What Structural Engineers Learned from 9/11

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September 10, 2021

Engineering

What Structural Engineers Learned from 9/11

Members of the profession study such tragic events to try and ensure that something similar won't happen again

By Donald Dusenberry

Medicine

The New Science of Autoimmune Disease

Millions of people are sickened by immune systems that are supposed to defend them. There are new ideas about why this happens and how to stop it.

Reproduction

The Absurd Pregnancy Math behind the Texas 'Six-Week' Abortion Ban

The law the Supreme Court just failed to block is not just a blow to women; it's biologically nonsensical

By Michelle Rodrigues

History

Health Effects of 9/11 Still Plague Responders and Survivors

Those who were exposed to Ground Zero have increased rates of certain cancers and other health problems

By Tara Haelle

Quantum Physics

Talking to My Daughter Can Be Harder Than Learning Quantum Mechanics

Ordinary human dilemmas are tougher to solve than the most difficult problems of physics and mathematics

By John Horgan

Ecology

Wolf Populations Drop as More States Allow Hunting

Repercussions of planned and anticipated wolf hunts and traps could ripple through ecosystems for years to come, scientists say

By Tess Joosse

Behavior

A New Way to Understand--and Possibly Treat--OCD

People with the disorder seem to have a more flexible "sense of self"

By Baland Jalal

Aerospace

Starlink, Internet from Space and the Precarious Future of Broadband in Rural America

President Joe Biden's infrastructure plan includes an unprecedented $65 billion for broadband deployment, but money alone will not fix the U.S.'s Internet problem. This short documentary shows why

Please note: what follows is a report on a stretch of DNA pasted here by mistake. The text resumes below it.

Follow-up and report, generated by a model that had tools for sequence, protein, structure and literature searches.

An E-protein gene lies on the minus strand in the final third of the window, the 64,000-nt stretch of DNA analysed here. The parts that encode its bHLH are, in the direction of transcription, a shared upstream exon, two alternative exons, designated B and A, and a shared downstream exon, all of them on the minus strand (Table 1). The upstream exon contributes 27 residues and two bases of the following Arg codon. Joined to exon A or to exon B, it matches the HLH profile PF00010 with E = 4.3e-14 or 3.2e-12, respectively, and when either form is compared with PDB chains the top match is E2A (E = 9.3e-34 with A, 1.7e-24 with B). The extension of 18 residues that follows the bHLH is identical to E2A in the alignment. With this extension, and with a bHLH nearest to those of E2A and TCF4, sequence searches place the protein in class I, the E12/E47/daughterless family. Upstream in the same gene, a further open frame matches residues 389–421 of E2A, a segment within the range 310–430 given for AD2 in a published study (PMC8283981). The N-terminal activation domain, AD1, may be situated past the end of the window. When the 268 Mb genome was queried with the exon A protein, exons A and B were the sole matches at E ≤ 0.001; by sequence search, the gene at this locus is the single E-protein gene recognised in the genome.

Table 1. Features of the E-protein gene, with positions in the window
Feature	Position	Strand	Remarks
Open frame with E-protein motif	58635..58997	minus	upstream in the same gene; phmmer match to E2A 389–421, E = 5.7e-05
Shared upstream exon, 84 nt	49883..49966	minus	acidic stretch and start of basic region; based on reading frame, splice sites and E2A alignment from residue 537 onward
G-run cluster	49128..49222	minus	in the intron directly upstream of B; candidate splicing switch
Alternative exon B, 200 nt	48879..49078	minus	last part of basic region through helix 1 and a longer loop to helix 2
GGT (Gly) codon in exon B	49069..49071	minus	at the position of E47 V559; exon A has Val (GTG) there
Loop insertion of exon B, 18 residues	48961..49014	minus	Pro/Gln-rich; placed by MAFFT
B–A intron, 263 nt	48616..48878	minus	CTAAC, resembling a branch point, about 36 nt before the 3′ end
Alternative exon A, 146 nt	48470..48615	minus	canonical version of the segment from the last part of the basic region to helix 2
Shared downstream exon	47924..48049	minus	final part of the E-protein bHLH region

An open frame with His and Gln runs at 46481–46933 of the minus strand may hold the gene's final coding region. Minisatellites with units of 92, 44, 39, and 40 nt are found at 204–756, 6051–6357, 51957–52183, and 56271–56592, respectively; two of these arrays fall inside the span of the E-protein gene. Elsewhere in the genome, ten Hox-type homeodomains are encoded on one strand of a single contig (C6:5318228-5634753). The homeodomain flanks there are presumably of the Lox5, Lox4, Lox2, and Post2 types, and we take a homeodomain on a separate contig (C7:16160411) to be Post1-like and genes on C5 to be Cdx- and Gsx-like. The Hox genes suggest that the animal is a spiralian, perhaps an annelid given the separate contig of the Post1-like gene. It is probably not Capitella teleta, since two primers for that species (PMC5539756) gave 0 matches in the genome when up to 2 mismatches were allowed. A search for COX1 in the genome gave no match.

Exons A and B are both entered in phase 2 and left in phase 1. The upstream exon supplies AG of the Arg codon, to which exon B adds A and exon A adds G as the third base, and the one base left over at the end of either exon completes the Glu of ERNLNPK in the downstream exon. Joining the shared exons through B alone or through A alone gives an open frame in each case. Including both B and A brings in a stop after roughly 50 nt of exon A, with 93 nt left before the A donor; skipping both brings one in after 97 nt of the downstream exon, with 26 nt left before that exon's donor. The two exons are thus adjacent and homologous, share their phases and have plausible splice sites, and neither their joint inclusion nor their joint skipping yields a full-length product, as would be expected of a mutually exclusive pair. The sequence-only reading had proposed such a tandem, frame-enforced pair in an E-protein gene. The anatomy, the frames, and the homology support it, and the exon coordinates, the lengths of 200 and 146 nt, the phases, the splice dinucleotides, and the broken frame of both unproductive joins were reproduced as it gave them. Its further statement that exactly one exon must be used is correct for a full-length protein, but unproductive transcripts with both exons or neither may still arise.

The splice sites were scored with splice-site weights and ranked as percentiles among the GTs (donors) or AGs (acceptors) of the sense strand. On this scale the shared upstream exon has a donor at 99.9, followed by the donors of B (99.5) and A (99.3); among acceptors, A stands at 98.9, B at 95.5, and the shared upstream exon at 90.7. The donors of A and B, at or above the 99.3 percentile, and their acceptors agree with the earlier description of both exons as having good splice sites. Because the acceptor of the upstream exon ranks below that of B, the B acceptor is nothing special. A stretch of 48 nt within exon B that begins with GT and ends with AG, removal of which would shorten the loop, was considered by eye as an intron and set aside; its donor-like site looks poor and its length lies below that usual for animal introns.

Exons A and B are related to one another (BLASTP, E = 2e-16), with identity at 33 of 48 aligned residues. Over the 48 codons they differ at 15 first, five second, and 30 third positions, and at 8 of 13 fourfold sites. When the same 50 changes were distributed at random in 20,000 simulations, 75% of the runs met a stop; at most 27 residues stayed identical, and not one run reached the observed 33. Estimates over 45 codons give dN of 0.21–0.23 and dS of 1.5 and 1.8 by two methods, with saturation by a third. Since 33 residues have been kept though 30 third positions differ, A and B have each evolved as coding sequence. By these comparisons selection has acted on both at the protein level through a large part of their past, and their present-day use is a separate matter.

By Jacob Templin

Evolution

When Lord Kelvin Nearly Killed Darwin's Theory

The eminent 19th-century physicist argued—wrongly, it turned out—that Earth wasn't old enough to have let natural selection play out

By Mano Singham

Extraterrestrial Life

To Look or Not to Look? That Is the Question

The search for technological relics of extraterrestrial civilizations will inspire the public and attract talent to the field of astronomy

By Avi Loeb

Natural Disasters

Hurricane Ida May Spark Mass Migration

Like Katrina before it, the storm may make living conditions untenable in hard-hit areas

By Daniel Cusick,E&E News

Creativity

To Solve the Environmental Crisis, We Must Foster the Power to Imagine

Our educational system is designed to generate productive workers, not creative thinkers and doers

By Peter Sutoris
FROM THE STORE

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BRING SCIENCE HOME
Generate Electricity with a Lemon Battery

Did you know you can make a battery out of a piece of fruit? You'll be charged up on science when you feel the success of your homemade electricity!  Credit: George Retseck

Can you imagine how your life would change if batteries did not exist? If it were not for this handy way to store electrical energy, we would not be able to have all of our portable electronic devices, such as phones, tablets and laptop computers. So many other items—from remote-control cars to flashlights to hearing aids—would also need to be plugged into a wall outlet in order to function.

In 1800 Alessandro Volta invented the first battery, and scientists have been hard at work ever since improving previous designs. With all this work put into batteries and all the frustration you might have had coping with dead ones, it might surprise you that you can easily make one out of household materials. Try this activity and it might just charge your imagination!

Try This Experiment
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